ADATA To Develop DDR5 Memory Modules With Up To 64 GB Capacities & 8400 MHz Speeds For Intel’s 12th Gen Alder Lake Platform

Alex Casas

ADATA has been on the frontlines of developing DDR5 memory for the next generation of Intel processors. They have now enlisted the help of MSI and Gigabyte to ensure that their memory is of the best possible quality and can reach the 8400 MT/s data transfer rate on Intel's next-generation Alder Lake platform.

ADATA Says DDR5 Memory Is The Future & A 8400 MT/s Data Transfer Rate Is Quite Promising For The First Generation

Many expect the standard for the first iteration of DDR5 to be somewhere in between 4800 and 5200, but ADATA looks to be striving to reach speeds of up to 8400 MHz on the first go and make it the future standard. The promise of DDR5 looks great because it offers a massive performance increase over DDR4 with an increase in data transfer rates. It also provides better efficiency which is to be expected with technological advancements.

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Enlisting the help of MSI and Gigabyte, ADATA says they are testing its DDR5-8400 on the "latest Intel platforms". This would most likely be Intel's upcoming Alder Lake processors using motherboards provided by MSI and Gigabyte. The Alder Lake processors are rumored to have eight high-performance Golden Cove cores and eight energy-efficient Grace Mont cores.

The microarchitecture that DDR5 will first be available is thought to be Golden Cove with further IPC gains coming with the Willow Cove and Cypress Cove microarchitectures. These modules will improve CPU performance by having a higher peak bandwidth with greater efficiency.

Intel Mainstream CPU Generations Comparison:

Intel CPU FamilyProcessor ProcessProcessor ArchitectureProcessors Cores/Threads (Max)TDPsPlatform ChipsetPlatformMemory SupportPCIe SupportLaunch
Sandy Bridge (2nd Gen)32nmSandy Bridge4/835-95W6-SeriesLGA 1155DDR3PCIe Gen 2.02011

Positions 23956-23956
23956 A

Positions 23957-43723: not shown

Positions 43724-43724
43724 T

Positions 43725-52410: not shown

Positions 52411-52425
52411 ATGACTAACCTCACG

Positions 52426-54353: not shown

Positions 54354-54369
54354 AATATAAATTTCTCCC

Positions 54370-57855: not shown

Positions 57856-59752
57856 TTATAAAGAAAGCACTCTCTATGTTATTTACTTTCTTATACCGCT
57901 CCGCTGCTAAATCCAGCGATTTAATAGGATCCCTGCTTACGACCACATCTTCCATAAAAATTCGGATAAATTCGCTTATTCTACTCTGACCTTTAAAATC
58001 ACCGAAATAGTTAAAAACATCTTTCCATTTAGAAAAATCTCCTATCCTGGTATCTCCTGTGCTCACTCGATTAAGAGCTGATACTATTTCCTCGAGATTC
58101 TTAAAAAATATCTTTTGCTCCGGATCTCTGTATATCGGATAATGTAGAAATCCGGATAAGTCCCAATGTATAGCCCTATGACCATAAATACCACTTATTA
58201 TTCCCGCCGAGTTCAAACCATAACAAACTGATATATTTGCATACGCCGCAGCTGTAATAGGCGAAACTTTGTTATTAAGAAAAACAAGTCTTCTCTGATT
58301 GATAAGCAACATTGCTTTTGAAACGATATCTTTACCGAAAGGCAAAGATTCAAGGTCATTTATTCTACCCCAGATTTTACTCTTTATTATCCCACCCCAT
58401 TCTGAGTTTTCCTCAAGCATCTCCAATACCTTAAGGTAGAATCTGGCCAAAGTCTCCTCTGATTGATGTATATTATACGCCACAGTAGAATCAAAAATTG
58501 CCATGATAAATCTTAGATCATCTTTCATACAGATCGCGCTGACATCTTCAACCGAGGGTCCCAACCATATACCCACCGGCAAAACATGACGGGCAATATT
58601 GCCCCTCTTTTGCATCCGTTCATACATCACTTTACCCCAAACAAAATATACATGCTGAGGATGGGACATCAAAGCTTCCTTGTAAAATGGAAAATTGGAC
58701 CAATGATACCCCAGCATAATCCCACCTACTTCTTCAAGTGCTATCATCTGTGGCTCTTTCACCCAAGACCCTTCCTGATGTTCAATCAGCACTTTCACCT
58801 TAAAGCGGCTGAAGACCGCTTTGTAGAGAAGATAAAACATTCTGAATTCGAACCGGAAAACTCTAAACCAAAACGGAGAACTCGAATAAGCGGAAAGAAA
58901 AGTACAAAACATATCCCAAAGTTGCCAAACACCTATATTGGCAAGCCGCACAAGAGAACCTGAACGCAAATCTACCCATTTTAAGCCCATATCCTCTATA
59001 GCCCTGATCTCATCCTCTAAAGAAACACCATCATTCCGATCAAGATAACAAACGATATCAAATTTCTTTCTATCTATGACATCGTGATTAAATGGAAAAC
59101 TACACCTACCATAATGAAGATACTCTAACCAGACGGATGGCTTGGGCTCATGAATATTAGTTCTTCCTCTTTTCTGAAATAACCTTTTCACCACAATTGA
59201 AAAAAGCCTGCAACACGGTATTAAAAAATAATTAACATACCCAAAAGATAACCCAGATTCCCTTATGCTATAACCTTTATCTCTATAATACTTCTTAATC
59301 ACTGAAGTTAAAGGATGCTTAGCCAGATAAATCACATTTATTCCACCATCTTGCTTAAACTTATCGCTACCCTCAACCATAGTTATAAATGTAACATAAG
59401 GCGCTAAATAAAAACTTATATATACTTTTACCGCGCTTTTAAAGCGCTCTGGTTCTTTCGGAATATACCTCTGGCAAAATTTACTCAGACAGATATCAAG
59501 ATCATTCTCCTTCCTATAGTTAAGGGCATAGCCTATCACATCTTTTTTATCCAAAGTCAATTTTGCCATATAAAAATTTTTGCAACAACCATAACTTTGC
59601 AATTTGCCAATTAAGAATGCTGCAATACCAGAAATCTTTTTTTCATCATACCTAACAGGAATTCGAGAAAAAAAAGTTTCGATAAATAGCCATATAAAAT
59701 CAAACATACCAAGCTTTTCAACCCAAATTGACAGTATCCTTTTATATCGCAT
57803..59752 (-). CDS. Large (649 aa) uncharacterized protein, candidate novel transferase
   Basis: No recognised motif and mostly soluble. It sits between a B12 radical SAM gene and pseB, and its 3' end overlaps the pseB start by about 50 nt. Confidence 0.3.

Ivy Bridge (3rd Gen)22nmIvy Bridge4/835-77W7-SeriesLGA 1155DDR3PCIe Gen 3.02012
Haswell (4th Gen)22nmHaswell4/835-84W8-SeriesLGA 1150DDR3PCIe Gen 3.02013-2014
Broadwell (5th Gen)14nmBroadwell4/865-65W9-SeriesLGA 1150DDR3PCIe Gen 3.02015
Skylake (6th Gen)14nmSkylake4/835-91W100-SeriesLGA 1151DDR4PCIe Gen 3.02015
Kaby Lake (7th Gen)14nmSkylake4/835-91W200-SeriesLGA 1151DDR4PCIe Gen 3.02017
Coffee Lake (8th Gen)14nmSkylake6/1235-95W300-SeriesLGA 1151DDR4PCIe Gen 3.02017
Coffee Lake (9th Gen)14nmSkylake8/1635-95W300-SeriesLGA 1151DDR4PCIe Gen 3.02018
Comet Lake (10th Gen)14nmSkylake10/2035-125W400-SeriesLGA 1200DDR4PCIe Gen 3.02020
Rocket Lake (11th Gen)14nmCypress Cove8/1635-125W500-SeriesLGA 1200DDR4PCIe Gen 4.02021
Alder Lake (12th Gen)Intel 7Golden Cove (P-Core)
Gracemont (E-Core)
16/2435-125W600 SeriesLGA 1700/1800DDR5 / DDR4PCIe Gen 5.02021
Raptor Lake (13th Gen)Intel 7Raptor Cove (P-Core)
Gracemont (E-Core)
24/3235-125W700-SeriesLGA 1700/1800DDR5 / DDR4PCIe Gen 5.02022
Meteor Lake (14th Gen)Intel 4Redwood Cove (P-Core)
Crestmont (E-Core)
22/2835-125W800 Series?LGA 1851DDR5PCIe Gen 5.02023
Arrow Lake (15th Gen)Intel 20ALion Cove (P-Core)
Skymont (E-Core)
24/32TBA900-Series?LGA 1851DDR5PCIe Gen 5.02024
Lunar Lake (16th Gen)Intel 18ATBDTBATBA1000-Series?TBADDR5PCIe Gen 5.0?2025
Nova Lake (17th Gen)Intel 18ATBDTBATBA2000-Series?TBADDR5?PCIe Gen 6.0?2026
ADATA DDR5 Memory To Feature Up To 64 GB Capacity and 8400 MHz Speeds

Although people may just see faster memory with DDR5, there a plethora of benefits and features that come along with this platform to enable high data rates. This includes improved training modes, on-die termination, and two independent 32/40-bit I/O channels (non-ECC/ECC) per module. More features include long-term I/O scalability and on-die single error correction (SEC) ECC, DFE (decision feedback equalizer) to eliminate reflective noise at high frequencies. The ram module will also be operating at just 1.1V which would ensure higher power efficiency while offering much better bandwidth and latencies than DDR4.

With DDR5 on the horizon, being able to reach DDR5-8400 with the first generation is quite promising for the future of DDR5. Micron estimated that DDR5 would be 35% more efficient than DDR4 at the same I/O speeds, but that may be an underestimation at this point. A lot has still not been answered about DDR5, but that will be clarified further along with the development of this new memory.

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